So back in 2017 I read The Unlikely Spy, a World War II thriller by Daniel Silva. I enjoyed it quite a bit, but was reluctant to commit to reading Silva's oeuvre. (Because once I start down that road, it's hard to stop.)
But I picked this, his second novel, at Portsmouth Public Library. See how it goes. Written in 1998, it's a globe-hopping tale of violence and intrigue, but mainly violence. The hero, Michael Osbourne, is a CIA employee whose career as a covert agent was terminated when a KGB assassin (we learn his code name is "October") brutally murders his girlfriend, implying his cover is seriously blown.
Years later, Michael's married and works as a staid analyst. But another murder comes to light bearing October's trademark (three bullets in the face), accompanied by a jetliner shot down by a Sidewinder fired from the waters off Long Island. So he's drawn back to the game, and finds himself finding out way too much about a nefarious plot involving … well, that would be telling. Let's just leave it at "nefarious".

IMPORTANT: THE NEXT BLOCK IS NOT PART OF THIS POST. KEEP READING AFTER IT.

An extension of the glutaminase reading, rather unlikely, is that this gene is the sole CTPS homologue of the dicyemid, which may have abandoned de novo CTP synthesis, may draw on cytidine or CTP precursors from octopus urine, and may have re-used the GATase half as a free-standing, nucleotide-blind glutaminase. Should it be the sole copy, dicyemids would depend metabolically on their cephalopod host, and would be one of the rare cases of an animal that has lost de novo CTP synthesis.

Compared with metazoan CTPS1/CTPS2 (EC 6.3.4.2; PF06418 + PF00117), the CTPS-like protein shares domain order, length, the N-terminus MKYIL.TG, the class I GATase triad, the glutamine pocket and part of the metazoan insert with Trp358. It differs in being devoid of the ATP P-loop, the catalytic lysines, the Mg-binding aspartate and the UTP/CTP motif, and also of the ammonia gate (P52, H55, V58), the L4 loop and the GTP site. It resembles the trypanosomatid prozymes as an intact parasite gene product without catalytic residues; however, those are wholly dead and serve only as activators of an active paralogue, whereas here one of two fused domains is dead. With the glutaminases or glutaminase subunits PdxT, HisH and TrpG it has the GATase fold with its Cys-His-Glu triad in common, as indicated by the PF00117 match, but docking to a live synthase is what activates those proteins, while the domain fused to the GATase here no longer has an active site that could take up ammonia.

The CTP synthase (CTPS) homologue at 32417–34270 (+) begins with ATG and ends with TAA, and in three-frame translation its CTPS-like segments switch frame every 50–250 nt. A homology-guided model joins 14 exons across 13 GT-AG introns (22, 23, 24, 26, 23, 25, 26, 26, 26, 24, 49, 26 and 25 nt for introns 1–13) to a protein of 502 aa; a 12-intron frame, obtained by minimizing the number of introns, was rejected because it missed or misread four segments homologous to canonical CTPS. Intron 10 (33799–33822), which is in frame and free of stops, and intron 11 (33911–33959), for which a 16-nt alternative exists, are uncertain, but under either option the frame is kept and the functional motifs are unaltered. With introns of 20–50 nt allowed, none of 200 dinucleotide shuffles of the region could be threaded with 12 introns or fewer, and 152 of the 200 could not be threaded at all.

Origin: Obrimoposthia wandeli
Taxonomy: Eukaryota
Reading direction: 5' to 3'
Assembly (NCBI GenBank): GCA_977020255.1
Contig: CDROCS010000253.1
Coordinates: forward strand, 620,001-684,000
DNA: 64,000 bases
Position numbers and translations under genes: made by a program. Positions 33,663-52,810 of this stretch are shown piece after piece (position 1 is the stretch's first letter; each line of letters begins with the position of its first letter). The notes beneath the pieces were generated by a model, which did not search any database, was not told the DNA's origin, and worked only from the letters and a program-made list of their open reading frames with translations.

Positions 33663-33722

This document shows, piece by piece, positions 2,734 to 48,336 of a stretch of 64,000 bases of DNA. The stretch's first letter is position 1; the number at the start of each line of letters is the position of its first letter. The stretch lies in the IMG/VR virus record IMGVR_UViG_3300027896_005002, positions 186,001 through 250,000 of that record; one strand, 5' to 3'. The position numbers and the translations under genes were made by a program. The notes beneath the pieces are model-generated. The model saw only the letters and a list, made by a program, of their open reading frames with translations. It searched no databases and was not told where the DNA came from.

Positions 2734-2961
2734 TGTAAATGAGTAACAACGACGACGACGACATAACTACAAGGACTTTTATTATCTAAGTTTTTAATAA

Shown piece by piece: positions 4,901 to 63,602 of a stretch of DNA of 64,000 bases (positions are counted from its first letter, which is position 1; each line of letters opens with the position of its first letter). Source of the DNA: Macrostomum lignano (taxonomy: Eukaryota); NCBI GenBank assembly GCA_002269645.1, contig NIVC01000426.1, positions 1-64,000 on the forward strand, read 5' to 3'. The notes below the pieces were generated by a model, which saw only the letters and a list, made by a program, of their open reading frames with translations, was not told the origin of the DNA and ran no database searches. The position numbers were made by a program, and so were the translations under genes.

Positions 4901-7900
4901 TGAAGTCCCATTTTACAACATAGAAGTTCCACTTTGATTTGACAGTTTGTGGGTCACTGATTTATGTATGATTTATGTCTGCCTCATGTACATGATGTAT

Silva's a successful writer, but I didn't like the book much. Way too much unlikely dialogue, high amounts of coincidence, pointless descriptions. It's written from a tedious liberal perspective (no spoilers). And the ending is unsatisfying (slight spoiler) sequel-bait.
So I don't know if I'll continue with Silva. There are other books in the library.